As stated above, the bacteria coated solid particles 50 enter the downer column 410 at inlet 417 and travel downward through the bed 410. After they have traversed the fluidized bed 410 the particles 50 enter into the lower connecting pipe 442, together with some entrained liquid, and are introduced into the first fluidized bed 412.

The column 410 includes the aerobic zone while the column 412 includes the anoxic zone and the anaerobic zone. In the aerobic zone, wastewater rich in organic matter as well as ammonia is biodegraded in the presence of oxygen from the input air, to carbon dioxide, water, and nitrates by the bacteria mainly immobilized on the solid particles 50. The continuous flow of air and wastewater ensures the sustainability of the aerobic biomass. In the anoxic zone, where the influent wastewater is mixed with the recycled nitrified activated sludge effluent from the aerobic zone, denitrification prevails. Nitrates in the nitrified stream from the aerobic section of column 410 is used as a source of oxygen to meet the oxygen demand of the wastewater. The wastewater feed and the decaying biomass sloughed from the biofilm coated particles 50 in the aerobic section in column 412 provide the carbon source for denitrification. The term “sloughed” means detached and refers to loose biomass entrained in the effluent, not those on the particles.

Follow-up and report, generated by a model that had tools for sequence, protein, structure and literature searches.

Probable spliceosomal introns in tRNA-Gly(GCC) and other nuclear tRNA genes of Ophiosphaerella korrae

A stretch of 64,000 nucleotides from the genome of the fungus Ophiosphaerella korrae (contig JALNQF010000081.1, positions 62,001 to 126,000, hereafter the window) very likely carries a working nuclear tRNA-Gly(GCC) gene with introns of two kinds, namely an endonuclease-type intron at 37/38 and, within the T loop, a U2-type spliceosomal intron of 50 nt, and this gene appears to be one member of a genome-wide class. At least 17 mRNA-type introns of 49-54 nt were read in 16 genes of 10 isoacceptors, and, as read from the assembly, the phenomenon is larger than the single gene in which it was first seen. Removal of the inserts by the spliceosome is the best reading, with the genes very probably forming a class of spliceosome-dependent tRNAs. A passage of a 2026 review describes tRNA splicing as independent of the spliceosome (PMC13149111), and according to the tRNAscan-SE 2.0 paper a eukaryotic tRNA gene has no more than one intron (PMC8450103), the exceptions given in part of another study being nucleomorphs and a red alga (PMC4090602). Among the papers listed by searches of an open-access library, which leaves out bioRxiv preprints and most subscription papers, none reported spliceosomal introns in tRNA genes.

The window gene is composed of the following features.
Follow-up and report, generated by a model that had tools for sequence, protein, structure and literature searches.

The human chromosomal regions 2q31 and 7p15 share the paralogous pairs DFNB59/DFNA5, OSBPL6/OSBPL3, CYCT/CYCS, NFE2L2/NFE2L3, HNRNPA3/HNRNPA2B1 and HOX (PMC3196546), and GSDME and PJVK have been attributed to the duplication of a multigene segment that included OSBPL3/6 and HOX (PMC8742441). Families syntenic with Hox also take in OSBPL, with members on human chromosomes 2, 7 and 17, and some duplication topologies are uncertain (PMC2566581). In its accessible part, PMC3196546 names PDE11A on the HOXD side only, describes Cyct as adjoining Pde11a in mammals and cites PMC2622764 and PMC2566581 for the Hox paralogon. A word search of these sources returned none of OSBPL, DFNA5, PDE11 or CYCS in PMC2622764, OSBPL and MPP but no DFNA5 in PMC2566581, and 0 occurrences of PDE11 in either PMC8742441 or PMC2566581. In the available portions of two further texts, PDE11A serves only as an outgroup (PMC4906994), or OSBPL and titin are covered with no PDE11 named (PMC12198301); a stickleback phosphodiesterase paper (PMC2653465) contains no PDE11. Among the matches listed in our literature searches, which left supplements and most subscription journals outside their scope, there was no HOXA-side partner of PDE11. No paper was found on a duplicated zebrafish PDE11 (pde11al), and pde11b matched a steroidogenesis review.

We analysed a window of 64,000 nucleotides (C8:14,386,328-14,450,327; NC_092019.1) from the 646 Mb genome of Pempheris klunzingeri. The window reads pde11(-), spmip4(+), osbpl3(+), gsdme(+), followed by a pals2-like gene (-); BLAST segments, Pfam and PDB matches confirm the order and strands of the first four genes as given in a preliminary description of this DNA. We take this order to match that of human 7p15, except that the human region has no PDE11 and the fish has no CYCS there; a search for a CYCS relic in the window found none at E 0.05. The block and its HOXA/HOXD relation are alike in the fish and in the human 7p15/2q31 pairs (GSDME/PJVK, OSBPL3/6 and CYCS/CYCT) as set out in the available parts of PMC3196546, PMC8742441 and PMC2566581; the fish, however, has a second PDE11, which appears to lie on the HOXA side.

The anaerobic zone is formed as the influent biodegradable wastewater constituents exert an oxygen demand above the anoxic zone. Since this demand is not met due to lack of oxygen/air inflow, anaerobic conditions prevail. In the anaerobic zone, stored phosphorus is released and volatile fatty acids are stored for further degradation in the aerobic zone.

During operation, biomass carriers with biofilm on them from the aerobic process are transported into the base of the first fluidized bed 412 through the bottom return pipe 442 to make up the particles 50 entrained up along the first fluidized bed 412. The bottom solids return pipe 442 operates most of the time as a packed moving bed but can also be at a semi-fluidized or conventionally fluidized state.